|Zoom English and Maths lessons||Years 5 and 6 will host zoom lessons across the morning for teachers to give input prior to pupils completing work.||Zoom links will be sent out via Seesaw|
The teachers will ensure that the learning planned and the corresponding resources will replicate, where possible, what the day would be like if a child were still in school. Teachers will use the year groups Medium Term Plans and our curriculums Skills Progression document (these can all be found on the school’s website) to ensure the learning is carefully sequenced and builds on the children’s previous knowledge.
Should you wish to, you can also access The Oak National Academy’s website Online Classroom with nearly 10,000 free video lessons, resources and activities, covering most subjects, from Reception to Year 6. Dean Field also makes use of several online applications such as Reading Plus, Accelerated Reader, Education City, Purple Mash Times Tables Rockstars which will be valuable for the children to access whilst at home. You will be provided with your child’s login details in the event of them isolating.
Whilst it would be our preference for all children to be in school all of the time, the provision we are offering for remote learning is as close to the children being in school as possible. It will still provide children with the knowledge and skills they need to make progress, whilst keeping them engaged and motivated to learn.
Questions and Answers about Dean Field’s Remote Learning
Why is the provision different for children who are isolating whilst their bubble are still in school?
Whilst a child’s bubble are still in school, throughout the day, all teachers will be teaching their classes. The time teachers have to prepare high quality lessons and provide meaningful feedback along with their other duties within the school is finite. Therefore, it will not be possible for teachers to pre-record detailed explanations of the work set in these circumstances.
Is my child expected to do work at home when they are ill?
If your child is ill, they must take the time to rest and recover and are not expected to work from home. However, if a child no longer feels ill, but are still considered contagious (10 days after the onset of COVID-19 symptoms), parents and carers must phone the admin team to let the school know that teachers can begin posting work to their child’s Seesaw account.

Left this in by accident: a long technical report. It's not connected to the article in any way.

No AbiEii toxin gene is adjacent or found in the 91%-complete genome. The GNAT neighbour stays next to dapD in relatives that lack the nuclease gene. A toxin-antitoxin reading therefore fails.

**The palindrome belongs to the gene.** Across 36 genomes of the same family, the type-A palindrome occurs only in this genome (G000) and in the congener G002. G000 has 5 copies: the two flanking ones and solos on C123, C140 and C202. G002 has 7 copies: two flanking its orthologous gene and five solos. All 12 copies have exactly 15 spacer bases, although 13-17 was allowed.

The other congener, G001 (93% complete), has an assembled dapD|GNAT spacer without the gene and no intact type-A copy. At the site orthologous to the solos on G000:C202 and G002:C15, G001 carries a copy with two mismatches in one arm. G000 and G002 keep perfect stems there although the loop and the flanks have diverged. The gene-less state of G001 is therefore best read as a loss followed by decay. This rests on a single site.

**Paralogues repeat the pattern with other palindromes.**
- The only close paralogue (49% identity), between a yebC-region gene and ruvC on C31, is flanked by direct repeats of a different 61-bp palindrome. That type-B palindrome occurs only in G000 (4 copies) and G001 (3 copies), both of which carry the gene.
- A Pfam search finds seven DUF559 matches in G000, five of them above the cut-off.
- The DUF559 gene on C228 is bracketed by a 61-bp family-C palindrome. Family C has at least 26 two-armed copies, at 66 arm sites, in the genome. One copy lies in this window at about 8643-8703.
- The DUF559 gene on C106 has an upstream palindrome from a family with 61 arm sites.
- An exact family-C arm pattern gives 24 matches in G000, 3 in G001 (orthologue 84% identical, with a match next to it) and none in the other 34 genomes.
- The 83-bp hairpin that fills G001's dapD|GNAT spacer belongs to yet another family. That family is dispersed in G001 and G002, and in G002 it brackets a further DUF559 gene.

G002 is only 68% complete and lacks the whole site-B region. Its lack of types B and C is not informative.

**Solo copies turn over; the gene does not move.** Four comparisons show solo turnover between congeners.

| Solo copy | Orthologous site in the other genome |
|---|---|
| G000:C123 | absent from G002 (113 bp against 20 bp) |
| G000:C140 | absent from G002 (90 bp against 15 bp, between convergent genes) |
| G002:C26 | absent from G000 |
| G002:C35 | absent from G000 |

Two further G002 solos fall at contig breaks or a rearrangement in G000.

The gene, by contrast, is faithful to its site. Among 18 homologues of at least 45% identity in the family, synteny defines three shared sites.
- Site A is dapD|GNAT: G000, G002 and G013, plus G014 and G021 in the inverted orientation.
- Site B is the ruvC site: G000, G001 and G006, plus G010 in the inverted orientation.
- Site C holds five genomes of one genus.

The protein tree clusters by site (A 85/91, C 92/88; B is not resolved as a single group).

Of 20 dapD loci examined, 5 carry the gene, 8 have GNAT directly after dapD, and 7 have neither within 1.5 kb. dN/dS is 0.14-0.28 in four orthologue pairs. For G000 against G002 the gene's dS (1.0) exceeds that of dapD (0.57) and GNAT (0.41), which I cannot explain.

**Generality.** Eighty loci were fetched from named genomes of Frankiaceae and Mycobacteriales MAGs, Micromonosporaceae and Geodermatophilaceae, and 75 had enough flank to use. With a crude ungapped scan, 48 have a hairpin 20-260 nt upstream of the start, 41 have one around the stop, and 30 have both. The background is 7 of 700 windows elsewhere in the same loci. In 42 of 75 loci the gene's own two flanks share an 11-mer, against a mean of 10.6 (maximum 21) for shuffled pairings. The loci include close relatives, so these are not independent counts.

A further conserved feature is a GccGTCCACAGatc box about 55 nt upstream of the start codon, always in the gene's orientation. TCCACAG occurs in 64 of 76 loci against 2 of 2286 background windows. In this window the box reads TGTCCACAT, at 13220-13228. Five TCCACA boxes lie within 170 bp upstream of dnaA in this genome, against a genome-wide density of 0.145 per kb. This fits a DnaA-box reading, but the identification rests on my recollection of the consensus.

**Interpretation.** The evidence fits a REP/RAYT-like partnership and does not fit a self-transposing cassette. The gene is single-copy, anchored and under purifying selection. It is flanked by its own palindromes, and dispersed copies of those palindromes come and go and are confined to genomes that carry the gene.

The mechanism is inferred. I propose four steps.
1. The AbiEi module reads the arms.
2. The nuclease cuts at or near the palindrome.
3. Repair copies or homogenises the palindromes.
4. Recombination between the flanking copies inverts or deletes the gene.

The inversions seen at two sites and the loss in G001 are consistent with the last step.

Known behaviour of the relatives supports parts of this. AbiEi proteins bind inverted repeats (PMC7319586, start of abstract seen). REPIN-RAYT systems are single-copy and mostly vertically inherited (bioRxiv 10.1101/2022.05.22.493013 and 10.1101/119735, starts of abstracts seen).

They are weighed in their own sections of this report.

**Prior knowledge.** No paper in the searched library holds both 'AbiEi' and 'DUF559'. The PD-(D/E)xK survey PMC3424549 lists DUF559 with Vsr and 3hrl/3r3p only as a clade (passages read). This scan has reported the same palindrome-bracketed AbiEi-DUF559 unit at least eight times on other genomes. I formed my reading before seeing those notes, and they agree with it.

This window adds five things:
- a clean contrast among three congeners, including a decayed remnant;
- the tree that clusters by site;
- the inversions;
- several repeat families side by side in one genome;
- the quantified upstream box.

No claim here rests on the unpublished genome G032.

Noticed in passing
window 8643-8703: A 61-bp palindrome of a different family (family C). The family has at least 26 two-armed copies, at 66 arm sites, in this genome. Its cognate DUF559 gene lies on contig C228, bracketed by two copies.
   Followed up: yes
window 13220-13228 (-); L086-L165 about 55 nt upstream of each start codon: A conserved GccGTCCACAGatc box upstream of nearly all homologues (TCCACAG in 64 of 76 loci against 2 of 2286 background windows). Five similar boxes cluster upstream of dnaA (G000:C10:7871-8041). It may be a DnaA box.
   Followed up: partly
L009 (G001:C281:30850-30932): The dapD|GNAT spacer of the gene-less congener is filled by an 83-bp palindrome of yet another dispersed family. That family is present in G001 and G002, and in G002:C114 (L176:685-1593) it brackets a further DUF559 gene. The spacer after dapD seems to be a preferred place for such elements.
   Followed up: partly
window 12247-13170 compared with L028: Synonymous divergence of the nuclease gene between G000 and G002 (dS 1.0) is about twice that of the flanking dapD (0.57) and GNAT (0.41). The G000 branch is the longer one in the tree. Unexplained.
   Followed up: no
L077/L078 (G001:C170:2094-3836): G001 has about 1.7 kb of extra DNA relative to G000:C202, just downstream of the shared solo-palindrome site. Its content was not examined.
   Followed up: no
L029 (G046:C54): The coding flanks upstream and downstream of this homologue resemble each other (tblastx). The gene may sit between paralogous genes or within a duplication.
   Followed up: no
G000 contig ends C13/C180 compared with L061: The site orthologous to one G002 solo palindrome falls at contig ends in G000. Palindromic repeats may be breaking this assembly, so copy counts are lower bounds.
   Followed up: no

What if I don’t have access to the internet?
Those families who do not have access to the internet can collect the work from school which will be printed at regular intervals and left in the school office for parents to collect. In exceptional circumstances, these resources will be delivered to them by Mrs Stansfield. We will also ensure there is regular phone call feedback, which can be arranged between the parent/ carer and the teacher. Please speak to your child’s class teacher if you think you will need this provision.
How will my child with Special Educational Needs be supported?
All children who have identified special educational needs will have additional personalised support and resources posted onto their personal Seesaw account. Teachers will respond to children on an individual basis and therefore plan appropriately to ensure every child is able to achieve.
Will my child receive a phone call from their teacher whilst they are isolating?
The standard period for isolation is 14 days. As teachers are able to interact with their pupils through Seesaw, staff will not be making telephone calls to children unless there are pre-arranged or exceptional circumstances. However, if a full lockdown occurs and children have to receive remote learning for more than two weeks, wellbeing calls will be arranged.
Why are the teachers not delivering live lessons?
At Dean Field, Safeguarding is of the upmost importance and the senior leadership team feel that the Safeguarding of our children will be put at risk if children have to connect to a live lesson from home with at least 30 other people online at the same time.